Jurgen Klopp sat down in the belly of the Stade de France and tried his best to sound upbeat. There were few positives to take after this Champions League final defeat to Real Madrid but there was a parallel to draw with the previous one. “The difference between 2018 and now is that I see us coming again,” he said, thinking back to the final Kyiv. “Not in 2018. I wished it but I couldn’t know.”
There are a lot of differences between the Liverpool team of then and the Liverpool team of now. A coming force four years ago, they are now indisputably one of the best teams in Europe. Their obvious strengths were undermined by glaring weaknesses back then. Now, there are no soft spots for opponents to easily exploit. Some things do remain the same, though: for example, much of the personnel.
Six of the Liverpool players who started in kyiv also started in Paris. Two more – Roberto Firmino and James Milner – were among Klopp’s substitutes this time around. Despite their best player having just completed his 13th season at the Santiago Bernabeu and playing a three-man midfield of Toni Kroos, Luka Modric and Casemiro for the best part of a decade, Real Madrid’s starting line-up contained fewer survivors from 2018.
For Liverpool, the season after kyiv marked the start of a new cycle. Alisson arrived. It was Virgil van Dijk’s first full campaign. The missing pieces were in place. Since the start of 2018-19, over a run encompassing four full Premier League seasons, they trail Manchester City by a single point. If that gap has been closed by this time next year, Klopp will likely have won a second league title.
Yet less than 24 hours after defeat at the Stade de France, came a sign this iconic group has already danced their last dance. After a season in which much more attention has been paid to Mohamed Salah’s immediate future, word came that Sadio Mane is likely to have made his final Liverpool appearance. At 30-years-old, he wants a new challenge. Liverpool, meanwhile, want north of €30m and a replacement sorted before doing business.
Salah confirmed last week that he will definitely remain at Anfield this summer, at least, but his future will hang over next season unless it is sorted quickly. The expiration of Firmino’s contract is less of a concern given his ever so slightly diminished status but the prospect of the three attacking players that have defined Klopp’s Liverpool all leaving by the time of next summer remains real.
There is uncertainty among those on the fringes too. Relatively little has been made of the fact that Naby Keita’s terms also expire in 2023. After possibly his most effective year since arriving in 2018, he has just another 12 months remaining on his deal as well. Alex Oxlade-Chamberlain’s injury history and reduced role would suggest an extension is unlikely. This summer’s loss of Divock Origi could be more keenly felt. Players who are happy to have his impact off the bench are hard to replace.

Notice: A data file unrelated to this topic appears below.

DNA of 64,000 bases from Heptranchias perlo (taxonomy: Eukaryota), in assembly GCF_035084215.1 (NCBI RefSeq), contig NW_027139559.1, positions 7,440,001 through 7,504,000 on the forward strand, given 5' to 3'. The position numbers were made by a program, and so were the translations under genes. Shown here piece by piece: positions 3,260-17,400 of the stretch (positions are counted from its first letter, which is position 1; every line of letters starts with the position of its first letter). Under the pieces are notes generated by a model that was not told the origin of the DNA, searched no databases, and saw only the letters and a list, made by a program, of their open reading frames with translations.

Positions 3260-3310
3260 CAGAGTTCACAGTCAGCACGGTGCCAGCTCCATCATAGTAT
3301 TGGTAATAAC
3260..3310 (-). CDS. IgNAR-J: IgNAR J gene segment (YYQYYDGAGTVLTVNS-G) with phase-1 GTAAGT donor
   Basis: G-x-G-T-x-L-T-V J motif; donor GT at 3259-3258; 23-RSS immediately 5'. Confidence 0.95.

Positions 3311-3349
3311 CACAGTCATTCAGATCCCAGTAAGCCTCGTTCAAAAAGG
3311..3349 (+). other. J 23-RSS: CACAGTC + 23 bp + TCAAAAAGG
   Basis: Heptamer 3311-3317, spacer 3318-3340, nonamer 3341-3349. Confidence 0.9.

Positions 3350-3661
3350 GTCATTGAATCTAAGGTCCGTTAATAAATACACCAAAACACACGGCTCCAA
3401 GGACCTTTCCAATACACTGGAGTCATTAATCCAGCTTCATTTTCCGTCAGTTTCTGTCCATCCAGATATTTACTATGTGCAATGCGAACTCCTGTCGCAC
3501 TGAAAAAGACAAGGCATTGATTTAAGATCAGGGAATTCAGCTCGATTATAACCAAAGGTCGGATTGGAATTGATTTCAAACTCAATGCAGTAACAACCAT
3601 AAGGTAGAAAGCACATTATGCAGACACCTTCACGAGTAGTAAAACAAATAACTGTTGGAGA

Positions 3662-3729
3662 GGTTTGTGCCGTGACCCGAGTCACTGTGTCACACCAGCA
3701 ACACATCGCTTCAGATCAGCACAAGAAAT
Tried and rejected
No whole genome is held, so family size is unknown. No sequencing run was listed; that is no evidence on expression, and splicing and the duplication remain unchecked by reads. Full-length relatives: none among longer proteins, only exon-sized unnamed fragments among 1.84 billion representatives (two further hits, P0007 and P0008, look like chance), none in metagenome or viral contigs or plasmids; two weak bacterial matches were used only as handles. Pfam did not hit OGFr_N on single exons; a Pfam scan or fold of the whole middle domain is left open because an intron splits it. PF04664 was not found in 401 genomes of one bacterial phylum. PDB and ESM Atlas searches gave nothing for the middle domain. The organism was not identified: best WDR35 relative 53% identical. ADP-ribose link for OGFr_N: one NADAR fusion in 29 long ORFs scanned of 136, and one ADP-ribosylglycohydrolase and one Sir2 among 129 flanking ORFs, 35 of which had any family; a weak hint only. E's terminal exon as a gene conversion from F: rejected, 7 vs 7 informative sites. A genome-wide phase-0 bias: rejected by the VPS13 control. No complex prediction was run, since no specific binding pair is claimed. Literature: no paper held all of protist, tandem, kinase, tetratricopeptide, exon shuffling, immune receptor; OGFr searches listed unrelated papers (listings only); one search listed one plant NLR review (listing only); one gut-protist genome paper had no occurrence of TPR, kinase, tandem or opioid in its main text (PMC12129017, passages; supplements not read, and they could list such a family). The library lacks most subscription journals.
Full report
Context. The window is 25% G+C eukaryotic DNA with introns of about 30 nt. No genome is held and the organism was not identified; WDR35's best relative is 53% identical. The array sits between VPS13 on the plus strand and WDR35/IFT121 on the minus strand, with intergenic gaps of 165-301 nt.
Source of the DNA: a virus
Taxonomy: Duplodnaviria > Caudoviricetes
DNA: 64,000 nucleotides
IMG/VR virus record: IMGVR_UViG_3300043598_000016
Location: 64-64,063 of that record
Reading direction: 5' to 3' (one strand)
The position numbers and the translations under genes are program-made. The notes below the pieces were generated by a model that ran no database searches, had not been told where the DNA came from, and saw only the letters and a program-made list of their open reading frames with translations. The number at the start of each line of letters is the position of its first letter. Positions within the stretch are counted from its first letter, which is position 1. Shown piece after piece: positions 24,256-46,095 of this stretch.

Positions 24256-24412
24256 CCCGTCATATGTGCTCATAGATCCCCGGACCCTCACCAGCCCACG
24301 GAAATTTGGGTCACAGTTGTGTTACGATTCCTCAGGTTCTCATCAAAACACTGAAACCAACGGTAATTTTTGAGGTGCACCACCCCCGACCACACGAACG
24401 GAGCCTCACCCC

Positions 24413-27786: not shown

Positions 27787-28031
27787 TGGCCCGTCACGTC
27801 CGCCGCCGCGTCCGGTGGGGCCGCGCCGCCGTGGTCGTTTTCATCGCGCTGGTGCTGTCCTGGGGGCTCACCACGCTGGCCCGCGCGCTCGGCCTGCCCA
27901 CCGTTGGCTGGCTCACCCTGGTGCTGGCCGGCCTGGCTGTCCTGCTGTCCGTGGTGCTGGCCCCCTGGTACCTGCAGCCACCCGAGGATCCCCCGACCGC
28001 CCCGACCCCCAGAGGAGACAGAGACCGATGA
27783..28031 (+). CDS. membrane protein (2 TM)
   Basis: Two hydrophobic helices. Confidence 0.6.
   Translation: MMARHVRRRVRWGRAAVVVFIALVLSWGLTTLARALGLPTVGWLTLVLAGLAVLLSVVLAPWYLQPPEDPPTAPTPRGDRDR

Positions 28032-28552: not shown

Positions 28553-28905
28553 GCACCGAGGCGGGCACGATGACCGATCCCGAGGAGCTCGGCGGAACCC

But perhaps most significantly of all, the final Paris also marked the final game of Michael Edwards as sporting director. His influence over the success of the past five seasons has arguably been greater than that of any player. I have signed them, after all. Yet the architect of this squad will not reshape it. That will be left to Julian Ward, his assistant to him and the continuity candidate. And in many ways, the rebuild has already begun.
The arrival of Luis Diaz in January rendered Liverpool’s attack an embarrassment of riches. His impact on him arguably surpassed even that of Diogo Jota, whose 21 goals in all competitions this season was not enough to earn a start in the Champions League final. Ibrahima Konate got one – selected ahead of Joel Matip – and capped an impressive debut year by being Liverpool’s best player in his home city.
Van Dijk has a partner, then, and two years left on his present terms. He will be around for a while yet, though he will also be 31-years-old this summer. Jordan Henderson is 32-years-old next month. Liverpool’s years of success have coincided with the peak years of key players, perhaps unsurprisingly, but the squad is on the older side as a result.
Only three top-flight clubs had a higher average age than Liverpool’s 27.7. All of these factors made Klopp’s about-face and sudden commitment until at least 2026 all the more intriguing.
By signing a two-year extension, he has essentially guaranteed that he will oversee the necessary rebuild. He has every reason to believe it will be a success. Recruitment at Anfield has been exemplary, arguably the best in class. The last time they entered a new cycle in kyiv, it was a winning one. Even so, Liverpool 3.0 under Klopp is coming, and it will be at least partly be a step into the unknown.
George Holan is chief editor at Plainsmen Post and has articles published in many notable publications in the last decade.